Author: Dean Mark Taylor

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About Dean Mark Taylor

Dean Mark Taylor joined Olin Business School on Dec. 1, 2016. He is one of the most frequently cited researchers in the areas of international finance and monetary economics in the world. He has served as an economist at the IMF and Bank of England; and as an investment fund manager for Barclays (now BlackRock). Previously, he was Dean at Warwick Business School, UK, and a professor of economics at Oxford among other European universities and a visiting professor at NYU. He is enjoying getting to know St. Louis (and its great restaurants). Follow Mark on Twitter at @DeanTaylorWashU.


Staci Thomas is one of the Olin faculty members who has grown accustomed to "flipping the classroom" — assigning "knowledge transfer" to the homework and spending classroom time on interactive projects and engagement.

We live in a world of change and disruption in all spheres of life. In particular, technology has had a largely positive effect on all aspects of our lives—personal and professional. Education is no exception.

While the pace of technological innovation appears to be accelerating, innovation itself is not altogether new. Over the centuries we’ve moved from scrolls to codex books and more recently toward digital reading technology such as the Kindle and the iPad, and most classroom instructors have replaced dusty chalkboards with more modern alternatives.

Yet the standard process of knowledge transfer in universities—the lecture—hasn’t changed much in around the last 1,000 years, since the rise of the university in the early European Renaissance. This is beginning to change around the world—and at Olin, in classrooms run by professors such as Andrew Knight and Staci Thomas, who adapted classes that used to rely on classroom lectures and projects that students worked on outside of class.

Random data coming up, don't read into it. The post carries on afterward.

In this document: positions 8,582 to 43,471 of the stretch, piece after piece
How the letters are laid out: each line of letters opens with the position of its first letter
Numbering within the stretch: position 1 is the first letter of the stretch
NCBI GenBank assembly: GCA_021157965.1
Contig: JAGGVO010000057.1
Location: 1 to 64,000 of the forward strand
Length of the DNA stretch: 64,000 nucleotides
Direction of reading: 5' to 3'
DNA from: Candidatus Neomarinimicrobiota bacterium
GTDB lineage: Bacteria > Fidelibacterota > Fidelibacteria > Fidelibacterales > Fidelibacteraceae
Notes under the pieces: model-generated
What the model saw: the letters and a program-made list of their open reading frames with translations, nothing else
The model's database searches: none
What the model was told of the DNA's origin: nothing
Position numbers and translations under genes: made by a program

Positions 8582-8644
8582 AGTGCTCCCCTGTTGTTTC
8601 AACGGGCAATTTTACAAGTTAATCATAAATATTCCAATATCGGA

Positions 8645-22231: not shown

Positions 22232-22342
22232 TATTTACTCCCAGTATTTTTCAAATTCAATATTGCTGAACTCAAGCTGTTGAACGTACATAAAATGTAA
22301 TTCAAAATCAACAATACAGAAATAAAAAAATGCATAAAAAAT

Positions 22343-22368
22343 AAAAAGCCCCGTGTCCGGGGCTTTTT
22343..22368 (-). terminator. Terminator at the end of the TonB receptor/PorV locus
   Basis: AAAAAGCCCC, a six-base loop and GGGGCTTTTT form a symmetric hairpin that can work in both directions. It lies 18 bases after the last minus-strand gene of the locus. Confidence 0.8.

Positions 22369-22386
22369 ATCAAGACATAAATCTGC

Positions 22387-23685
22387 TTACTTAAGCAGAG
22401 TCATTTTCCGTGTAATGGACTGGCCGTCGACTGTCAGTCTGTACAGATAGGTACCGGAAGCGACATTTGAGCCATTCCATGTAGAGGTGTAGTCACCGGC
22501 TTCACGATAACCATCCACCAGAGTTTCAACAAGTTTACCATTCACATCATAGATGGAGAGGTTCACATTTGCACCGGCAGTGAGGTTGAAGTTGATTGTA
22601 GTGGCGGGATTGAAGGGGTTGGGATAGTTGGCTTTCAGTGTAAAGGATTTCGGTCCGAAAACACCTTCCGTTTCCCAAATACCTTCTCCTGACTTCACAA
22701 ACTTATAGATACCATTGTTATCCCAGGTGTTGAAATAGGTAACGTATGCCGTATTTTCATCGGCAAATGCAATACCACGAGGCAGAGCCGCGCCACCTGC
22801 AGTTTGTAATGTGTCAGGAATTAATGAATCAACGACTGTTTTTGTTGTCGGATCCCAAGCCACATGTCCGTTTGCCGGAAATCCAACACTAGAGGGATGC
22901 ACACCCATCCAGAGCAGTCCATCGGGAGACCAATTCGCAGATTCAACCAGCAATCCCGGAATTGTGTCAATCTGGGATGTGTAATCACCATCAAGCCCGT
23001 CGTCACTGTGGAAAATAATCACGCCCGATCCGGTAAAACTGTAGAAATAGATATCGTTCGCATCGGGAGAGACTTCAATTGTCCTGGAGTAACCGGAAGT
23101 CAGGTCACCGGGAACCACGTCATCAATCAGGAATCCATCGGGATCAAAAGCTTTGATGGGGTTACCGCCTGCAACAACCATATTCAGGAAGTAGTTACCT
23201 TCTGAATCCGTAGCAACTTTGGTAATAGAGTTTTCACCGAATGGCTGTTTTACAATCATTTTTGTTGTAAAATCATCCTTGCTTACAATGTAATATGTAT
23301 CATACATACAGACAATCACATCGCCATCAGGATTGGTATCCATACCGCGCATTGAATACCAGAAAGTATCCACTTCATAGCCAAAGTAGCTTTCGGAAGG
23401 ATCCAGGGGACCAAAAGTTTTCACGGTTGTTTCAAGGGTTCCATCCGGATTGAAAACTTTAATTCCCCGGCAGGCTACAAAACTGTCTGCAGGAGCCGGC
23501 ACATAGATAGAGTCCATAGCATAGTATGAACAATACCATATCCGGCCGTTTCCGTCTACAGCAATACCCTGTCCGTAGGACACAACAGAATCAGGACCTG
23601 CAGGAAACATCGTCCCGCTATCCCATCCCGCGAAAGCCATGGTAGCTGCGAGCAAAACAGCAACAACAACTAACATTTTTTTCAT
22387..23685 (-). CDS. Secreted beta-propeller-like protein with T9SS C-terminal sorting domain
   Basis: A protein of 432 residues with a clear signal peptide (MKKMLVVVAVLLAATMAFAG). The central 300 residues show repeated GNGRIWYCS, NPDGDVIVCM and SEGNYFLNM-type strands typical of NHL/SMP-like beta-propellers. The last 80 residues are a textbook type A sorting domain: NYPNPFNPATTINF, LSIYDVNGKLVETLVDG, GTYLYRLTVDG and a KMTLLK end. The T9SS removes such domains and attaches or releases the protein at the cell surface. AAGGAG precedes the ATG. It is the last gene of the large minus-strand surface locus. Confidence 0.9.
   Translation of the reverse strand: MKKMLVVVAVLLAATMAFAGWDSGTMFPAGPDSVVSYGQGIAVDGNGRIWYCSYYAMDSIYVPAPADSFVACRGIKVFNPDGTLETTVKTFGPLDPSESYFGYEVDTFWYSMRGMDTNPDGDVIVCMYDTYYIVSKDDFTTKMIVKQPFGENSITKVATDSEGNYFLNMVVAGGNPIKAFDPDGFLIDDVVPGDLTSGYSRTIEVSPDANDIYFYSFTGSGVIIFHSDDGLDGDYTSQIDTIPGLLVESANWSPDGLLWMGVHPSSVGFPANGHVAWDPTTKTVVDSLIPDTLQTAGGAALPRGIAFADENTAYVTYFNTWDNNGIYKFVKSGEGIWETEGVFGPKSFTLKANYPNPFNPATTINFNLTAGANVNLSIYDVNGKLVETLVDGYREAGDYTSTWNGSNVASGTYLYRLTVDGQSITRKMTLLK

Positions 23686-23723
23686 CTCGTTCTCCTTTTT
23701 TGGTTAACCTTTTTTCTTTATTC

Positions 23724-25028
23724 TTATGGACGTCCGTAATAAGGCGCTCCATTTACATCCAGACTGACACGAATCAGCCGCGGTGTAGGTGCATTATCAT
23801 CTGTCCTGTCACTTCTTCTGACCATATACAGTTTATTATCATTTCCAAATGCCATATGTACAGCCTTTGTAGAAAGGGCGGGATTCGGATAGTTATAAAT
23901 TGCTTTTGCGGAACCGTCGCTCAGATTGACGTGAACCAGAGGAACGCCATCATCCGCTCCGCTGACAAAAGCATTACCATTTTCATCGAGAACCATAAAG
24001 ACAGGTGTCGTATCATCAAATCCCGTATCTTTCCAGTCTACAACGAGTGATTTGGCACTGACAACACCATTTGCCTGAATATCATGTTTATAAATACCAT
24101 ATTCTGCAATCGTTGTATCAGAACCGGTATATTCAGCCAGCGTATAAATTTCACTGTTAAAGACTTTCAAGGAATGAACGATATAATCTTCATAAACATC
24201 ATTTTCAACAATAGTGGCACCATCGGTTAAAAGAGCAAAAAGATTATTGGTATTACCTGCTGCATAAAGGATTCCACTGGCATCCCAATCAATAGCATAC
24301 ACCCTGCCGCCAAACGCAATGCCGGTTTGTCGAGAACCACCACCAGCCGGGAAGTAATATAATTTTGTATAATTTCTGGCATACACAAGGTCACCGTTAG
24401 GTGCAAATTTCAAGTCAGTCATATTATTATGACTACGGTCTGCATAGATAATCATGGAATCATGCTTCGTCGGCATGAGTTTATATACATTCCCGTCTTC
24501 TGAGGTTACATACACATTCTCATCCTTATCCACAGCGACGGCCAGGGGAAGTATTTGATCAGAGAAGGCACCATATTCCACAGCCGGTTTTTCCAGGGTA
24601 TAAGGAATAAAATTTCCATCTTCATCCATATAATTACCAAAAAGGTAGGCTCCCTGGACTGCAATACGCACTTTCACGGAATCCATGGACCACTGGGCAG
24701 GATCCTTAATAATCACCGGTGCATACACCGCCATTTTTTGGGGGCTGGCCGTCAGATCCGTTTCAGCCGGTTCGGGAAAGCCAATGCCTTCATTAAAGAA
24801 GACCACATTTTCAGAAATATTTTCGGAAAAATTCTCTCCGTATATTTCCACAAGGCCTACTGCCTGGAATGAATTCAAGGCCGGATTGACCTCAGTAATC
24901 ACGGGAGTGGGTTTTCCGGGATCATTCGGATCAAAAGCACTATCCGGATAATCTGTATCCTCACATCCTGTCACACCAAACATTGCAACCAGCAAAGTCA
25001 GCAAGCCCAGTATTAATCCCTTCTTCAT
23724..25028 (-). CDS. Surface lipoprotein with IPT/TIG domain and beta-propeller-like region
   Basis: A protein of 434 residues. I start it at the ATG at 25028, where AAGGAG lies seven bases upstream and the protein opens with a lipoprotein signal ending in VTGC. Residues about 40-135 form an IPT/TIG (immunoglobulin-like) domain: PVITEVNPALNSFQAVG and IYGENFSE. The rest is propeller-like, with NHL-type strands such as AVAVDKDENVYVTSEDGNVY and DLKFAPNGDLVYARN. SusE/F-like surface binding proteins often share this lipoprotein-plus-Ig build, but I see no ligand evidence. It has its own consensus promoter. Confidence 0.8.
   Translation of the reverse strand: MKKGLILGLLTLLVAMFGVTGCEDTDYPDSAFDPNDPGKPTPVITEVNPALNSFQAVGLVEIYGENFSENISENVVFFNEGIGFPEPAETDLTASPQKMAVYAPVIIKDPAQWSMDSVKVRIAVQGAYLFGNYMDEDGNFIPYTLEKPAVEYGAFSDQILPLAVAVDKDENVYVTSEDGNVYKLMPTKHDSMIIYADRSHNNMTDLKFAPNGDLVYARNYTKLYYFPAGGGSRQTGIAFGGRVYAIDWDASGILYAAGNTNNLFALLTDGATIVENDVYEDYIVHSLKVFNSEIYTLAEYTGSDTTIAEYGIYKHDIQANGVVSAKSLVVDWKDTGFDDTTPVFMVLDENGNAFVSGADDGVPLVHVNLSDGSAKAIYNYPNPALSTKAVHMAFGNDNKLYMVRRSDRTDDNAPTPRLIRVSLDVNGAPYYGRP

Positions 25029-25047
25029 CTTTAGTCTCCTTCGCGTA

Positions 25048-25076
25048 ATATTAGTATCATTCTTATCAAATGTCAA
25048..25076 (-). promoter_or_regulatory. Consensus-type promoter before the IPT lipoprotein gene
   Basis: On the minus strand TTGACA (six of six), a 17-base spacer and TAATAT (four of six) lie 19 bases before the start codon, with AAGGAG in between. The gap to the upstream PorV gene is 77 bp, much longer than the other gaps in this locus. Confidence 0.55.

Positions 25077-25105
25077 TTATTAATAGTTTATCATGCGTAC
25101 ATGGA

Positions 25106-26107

“I thought I needed to flip the classroom so the lectures become the homework,” said Staci, a lecturer in communication. “Class becomes more like a workshop. We do presentations or create communications plans collaboratively. I can see it. I can hear it. I can offer suggestions to improve.”

Now, basic knowledge transfer happens outside of class, through short video clips, video conferences and other technological tools. It’s important to note however, that this method of knowledge transfer is a complement to rather than a substitute for face-to-face interaction. First, we use behavioural science to fine tune knowledge transfer outside of class, based on known attention spans and the creative use of mental stimuli through technology.

Then we use the face-to-face classroom experience to assimilate that knowledge, taking it in more deeply and fully understanding its implications and uses in a range of contexts and collaborative situations, using real-time case studies, seminars and group discussions.